Pub/sub subscribers

  • Subscribers are pub/sub endpoints that receive messages that were previously sent (published) by publishers.
  • To receive messages, subscribers first create a subscription. Each subscription has a unique subscription key which serves as its identifier.
  • Subscribers can be of several types: Python, REST or WebSockets. WebSockets always subscribe to topics through API calls - their subscriptions cannot be created in advance in Dashboard.
  • REST and WebSockets use Basic Auth to identify themselves with the message broker.
  • Pattern-based permissions are assigned to each subscriber. If, during the publication of a message, a particular subscriber does not have permissions to receive messages from the topic the message is sent to, that subscriber will not receive the message. Python subscribers (Zato services) are always allowed to receive their own messages, i.e. each service can always receive messages from a topic that points to this service.
  • It is possible to create more than one subscriber for a given application, e.g. to represent different permissions assigned to different parts of the same application. Each subscriber will use a different subscription key.
  • Messages being delivered to subscribers can be processed - e.g. transformed or enriched. For instance, each message can be converted from one format to another, or parts of a message can be replaced with the results of an API invocation. The process is transparent to the subscribers that do not need to be aware of it.


Provided that there are correct permission patterns and that relevant topics already exist, each REST or Python (service) endpoint may subscribe to one or more topics.

Note that services can subscribe to two kinds of topics:

  • Explicitly created ones, such as /customer/new in the screenshot above
  • Topics created for each service implicitly on demand - whenever a message is published to a service by its name, a topic for that service will be created and the service will subscribe to it automatically, unless such a topic already exists. All such topics have a prefix of "/zato/s/to/" followed by a name pointing to the service's name. For instance, if your service is called, its implicit topic's name will be /zato/s/to/my_api_customer_new.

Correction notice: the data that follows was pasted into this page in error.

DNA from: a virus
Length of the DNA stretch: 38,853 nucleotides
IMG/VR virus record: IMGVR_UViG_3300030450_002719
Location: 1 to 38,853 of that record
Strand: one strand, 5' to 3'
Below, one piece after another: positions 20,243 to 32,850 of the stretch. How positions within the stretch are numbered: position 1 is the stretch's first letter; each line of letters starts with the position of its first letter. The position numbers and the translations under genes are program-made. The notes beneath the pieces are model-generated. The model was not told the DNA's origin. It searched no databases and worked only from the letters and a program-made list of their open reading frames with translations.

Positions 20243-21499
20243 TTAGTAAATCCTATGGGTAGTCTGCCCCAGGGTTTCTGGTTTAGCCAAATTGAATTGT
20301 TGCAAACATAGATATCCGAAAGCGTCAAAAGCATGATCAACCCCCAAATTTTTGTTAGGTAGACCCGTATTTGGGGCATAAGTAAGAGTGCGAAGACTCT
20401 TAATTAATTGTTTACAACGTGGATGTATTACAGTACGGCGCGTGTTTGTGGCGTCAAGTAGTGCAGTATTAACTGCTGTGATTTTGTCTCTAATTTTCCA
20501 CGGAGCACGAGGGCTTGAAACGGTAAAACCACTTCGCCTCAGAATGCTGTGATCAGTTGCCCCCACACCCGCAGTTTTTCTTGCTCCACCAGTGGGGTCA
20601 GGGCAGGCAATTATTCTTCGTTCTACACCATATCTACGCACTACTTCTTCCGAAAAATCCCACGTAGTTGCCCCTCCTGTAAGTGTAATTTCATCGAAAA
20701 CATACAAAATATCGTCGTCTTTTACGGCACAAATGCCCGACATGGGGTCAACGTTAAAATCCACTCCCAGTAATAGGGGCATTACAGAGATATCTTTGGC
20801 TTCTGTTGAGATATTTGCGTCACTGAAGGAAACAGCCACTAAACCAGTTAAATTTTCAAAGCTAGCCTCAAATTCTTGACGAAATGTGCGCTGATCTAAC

Delivery of messages for each subscription is always carried out by a single server, called a delivery server for that subscription. This ensures correct message ordering - if there are multiple servers in a Zato cluster each receiving messages ultimately destined for the subscription, they will be forwarded to that subscription's delivery server first. For in-RAM messages, they are kept in the delivery server's RAM.

Messages can be sent on a notify or pull basis. The former means that Zato itself will be invoking the endpoint with new messages whereas pull means that Zato will queue messages up and the recipient itself will periodically read the contents of its queue. Regardless of the delivery type, messages can be sent one-by-one or in batches of a pre-configured size.

Delivery of a message can be repeated up to a configured number of times, with a sleep time in between them, configurable depending on what kind of error was encountered - a TCP socket-level one or a different one.

For each type of an endpoint, this endpoint type's specific options can be provided - for instance, the endpoint in the screenshot above is a REST one so an HTTP method can be specified that should be used to deliver messages with.

Each endpoint may subscribe to topics multiple types and each time it is given a new subscription key - this is a secret that must be known only to the participant to whom it was issued.